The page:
Inflation remained subdued amid weak domestic demand while the Vietnamese dong experienced further nominal appreciation in the domestic official market.

Credit growth decelerated due to weakening credit demand associated with slower economic activities but was comparable to pre-pandemic rates as banks continued to provide preferential loans and forbearance to support businesses affected by the pandemic.

The year-to-date budget balance remained in surplus despite posting another monthly deficit in September, mainly driven by a sharp fall in revenues.

The resumption of economic activities after a lengthy lockdown is facing market frictions as seen around the world. Reactivating manufacturing factories and businesses in the services sector will face potential product and labor shortages. Therefore, helping ease logistics constraints, continued testing and vaccination and encouraging labor mobility should be priorities.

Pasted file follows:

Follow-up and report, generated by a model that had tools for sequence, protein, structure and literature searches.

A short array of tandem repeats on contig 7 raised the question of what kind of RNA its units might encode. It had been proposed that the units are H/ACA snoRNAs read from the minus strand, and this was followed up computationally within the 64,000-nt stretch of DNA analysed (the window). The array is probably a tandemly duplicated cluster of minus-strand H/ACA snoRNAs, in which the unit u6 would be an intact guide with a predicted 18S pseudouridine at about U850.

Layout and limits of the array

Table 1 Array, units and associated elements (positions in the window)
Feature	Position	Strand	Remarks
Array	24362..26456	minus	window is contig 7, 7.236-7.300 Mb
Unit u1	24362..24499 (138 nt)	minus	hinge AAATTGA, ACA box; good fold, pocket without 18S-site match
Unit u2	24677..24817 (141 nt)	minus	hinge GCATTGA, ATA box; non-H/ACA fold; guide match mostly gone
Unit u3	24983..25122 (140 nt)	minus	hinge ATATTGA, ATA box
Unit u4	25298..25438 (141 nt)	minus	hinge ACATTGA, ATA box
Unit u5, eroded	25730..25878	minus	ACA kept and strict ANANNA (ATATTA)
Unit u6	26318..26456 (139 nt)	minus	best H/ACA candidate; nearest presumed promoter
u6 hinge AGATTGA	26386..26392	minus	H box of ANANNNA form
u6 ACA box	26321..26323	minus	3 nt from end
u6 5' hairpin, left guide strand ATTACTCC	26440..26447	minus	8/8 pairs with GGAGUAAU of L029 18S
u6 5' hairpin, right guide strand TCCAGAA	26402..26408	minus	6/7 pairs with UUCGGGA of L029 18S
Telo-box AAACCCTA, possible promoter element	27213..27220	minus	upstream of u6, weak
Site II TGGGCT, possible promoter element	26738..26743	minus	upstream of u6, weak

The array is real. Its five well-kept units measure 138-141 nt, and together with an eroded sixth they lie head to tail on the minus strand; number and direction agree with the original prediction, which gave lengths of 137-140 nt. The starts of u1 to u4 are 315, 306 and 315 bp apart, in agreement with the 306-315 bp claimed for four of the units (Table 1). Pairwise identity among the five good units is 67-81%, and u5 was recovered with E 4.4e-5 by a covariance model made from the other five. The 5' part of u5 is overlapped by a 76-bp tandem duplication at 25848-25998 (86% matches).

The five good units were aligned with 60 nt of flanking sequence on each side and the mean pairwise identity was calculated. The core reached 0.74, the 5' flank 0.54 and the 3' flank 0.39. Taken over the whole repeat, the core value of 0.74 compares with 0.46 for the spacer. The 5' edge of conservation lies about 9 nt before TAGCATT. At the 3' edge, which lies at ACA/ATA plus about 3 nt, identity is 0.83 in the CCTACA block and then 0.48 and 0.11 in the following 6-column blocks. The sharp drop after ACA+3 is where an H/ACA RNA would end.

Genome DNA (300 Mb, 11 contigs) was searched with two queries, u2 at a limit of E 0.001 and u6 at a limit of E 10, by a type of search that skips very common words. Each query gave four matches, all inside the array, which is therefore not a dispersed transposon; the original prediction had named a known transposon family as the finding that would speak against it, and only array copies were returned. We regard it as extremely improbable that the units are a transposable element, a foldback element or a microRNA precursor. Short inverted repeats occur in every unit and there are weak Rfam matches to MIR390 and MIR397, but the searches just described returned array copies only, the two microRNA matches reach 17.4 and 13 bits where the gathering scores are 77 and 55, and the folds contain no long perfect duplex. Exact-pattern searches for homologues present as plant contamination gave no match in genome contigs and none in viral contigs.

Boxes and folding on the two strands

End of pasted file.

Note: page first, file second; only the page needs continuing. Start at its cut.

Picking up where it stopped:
The authorities should also adopt a more expansionary fiscal policy and use the various fiscal tools available to support the economic rebound, including easing procedural rigidities in the budget to spend the planned current budget, accelerating implementation of planned public investment, and expanding social protection to households and to formal and informal workers.

FDI commitment increased by 26.1 percent in September, a strong recovery amid the crisis, indicating foreign investors’ continued confidence in Vietnam’s economy in the longer term. Higher FDI commitments were driven by increasing capital flow into manufacturing, including a $1.4 billion investment in electronics by a Korea-based company.